Moon offers reform plan with Ahn
The proposal appeared to be Moon’s first official response to Ahn’s demand of the DUP’s political reform as a precondition for their negotiation to pick one candidate to represent the liberals in the December presidential election.
“Moon thinks it is crucial for him to consolidate the candidacy with Ahn to win the presidential election and reform politics,” said Representative Jin Sung-joon, spokesman for Moon’s campaign.
“Moon thinks a three-step proposal recommended by Professor Cho Kuk is very practical and realistic, so Moon accepts it.”
Cho, a law professor at Seoul National University, is a famous liberal icon. He has recommended that Moon form a joint political reform committee with Ahn as the first step for the two candidates to pick one of them to represent the liberals to increase their chances against Park Geun-hye, candidate for the conservative ruling Saenuri Party. Cho recommended they jointly establish policies and a platform as the next step and negotiate the candidacy in the final step.
“If Ahn thinks it is inappropriate to have the discussion on the candidate consolidation right now,” Jin said, “we can start the political reform committee without that precondition.”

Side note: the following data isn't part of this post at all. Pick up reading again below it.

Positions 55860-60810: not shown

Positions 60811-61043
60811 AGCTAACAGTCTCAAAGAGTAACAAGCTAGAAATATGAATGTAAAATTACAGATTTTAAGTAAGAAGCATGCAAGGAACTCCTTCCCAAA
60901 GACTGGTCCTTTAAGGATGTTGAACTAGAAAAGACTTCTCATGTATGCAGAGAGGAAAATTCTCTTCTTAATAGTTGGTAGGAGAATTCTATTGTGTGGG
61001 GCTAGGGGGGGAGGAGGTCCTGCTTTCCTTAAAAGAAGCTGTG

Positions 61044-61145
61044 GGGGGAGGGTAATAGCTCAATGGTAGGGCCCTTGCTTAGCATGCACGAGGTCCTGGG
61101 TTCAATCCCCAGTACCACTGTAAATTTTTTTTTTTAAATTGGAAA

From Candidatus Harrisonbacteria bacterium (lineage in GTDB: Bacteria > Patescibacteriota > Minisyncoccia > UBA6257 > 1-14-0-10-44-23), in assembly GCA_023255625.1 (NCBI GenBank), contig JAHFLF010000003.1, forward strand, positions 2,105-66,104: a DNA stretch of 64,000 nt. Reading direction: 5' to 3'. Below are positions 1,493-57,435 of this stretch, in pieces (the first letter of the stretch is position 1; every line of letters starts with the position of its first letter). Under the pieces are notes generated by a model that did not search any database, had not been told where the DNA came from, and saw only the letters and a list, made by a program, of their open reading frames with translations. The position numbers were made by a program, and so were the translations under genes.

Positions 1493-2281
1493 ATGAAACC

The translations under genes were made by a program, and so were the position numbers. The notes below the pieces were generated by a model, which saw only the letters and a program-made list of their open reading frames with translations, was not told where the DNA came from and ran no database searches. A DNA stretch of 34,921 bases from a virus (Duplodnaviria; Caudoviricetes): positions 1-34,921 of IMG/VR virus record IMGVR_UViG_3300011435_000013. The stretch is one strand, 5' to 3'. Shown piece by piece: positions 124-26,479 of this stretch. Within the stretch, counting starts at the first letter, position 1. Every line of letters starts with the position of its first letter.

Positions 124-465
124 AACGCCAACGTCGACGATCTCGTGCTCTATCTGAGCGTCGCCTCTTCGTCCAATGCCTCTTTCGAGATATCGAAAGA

Jin also proposed that Cho should be appointed as the committee chairman, but added that the Moon campaign had no prior consultation with Cho about the matter.
Moon’s proposal appeared to be an answer to Ahn’s precondition for candidate consolidation negotiation.
After announcing his presidential bid as an independent candidate, Ahn said he will only talk about unifying the liberal candidacies with Moon after a “true political reform” of the DUP. He, however, did not say what the DUP must do to satisfy his demand.
On Saturday, Moon pressured Ahn to join the largest opposition party and compete with him in a run-off. In a meeting with university students, Moon said, “Ahn’s joining the DUP and competing with me will be the easiest way.”
As of Friday, polls showed Moon had 40.4 percent of the vote and Ahn 38.5 percent in a run-off.
“Some may say that I am the DUP candidate, so it will be disadvantageous to Ahn,” Moon said. “But I can give up my privileges as the presidential candidate.”
Moon also said he is willing to talk with Ahn to define the terms of their competition inside the DUP to ensure fairness.
Ahn, however, flatly turned down Moon’s idea that he join the DUP. “I have already said this many times, and I hope he will understand what the real important goal is,” Ahn said yesterday.
By Ser Myo-ja [firstname.lastname@example.org]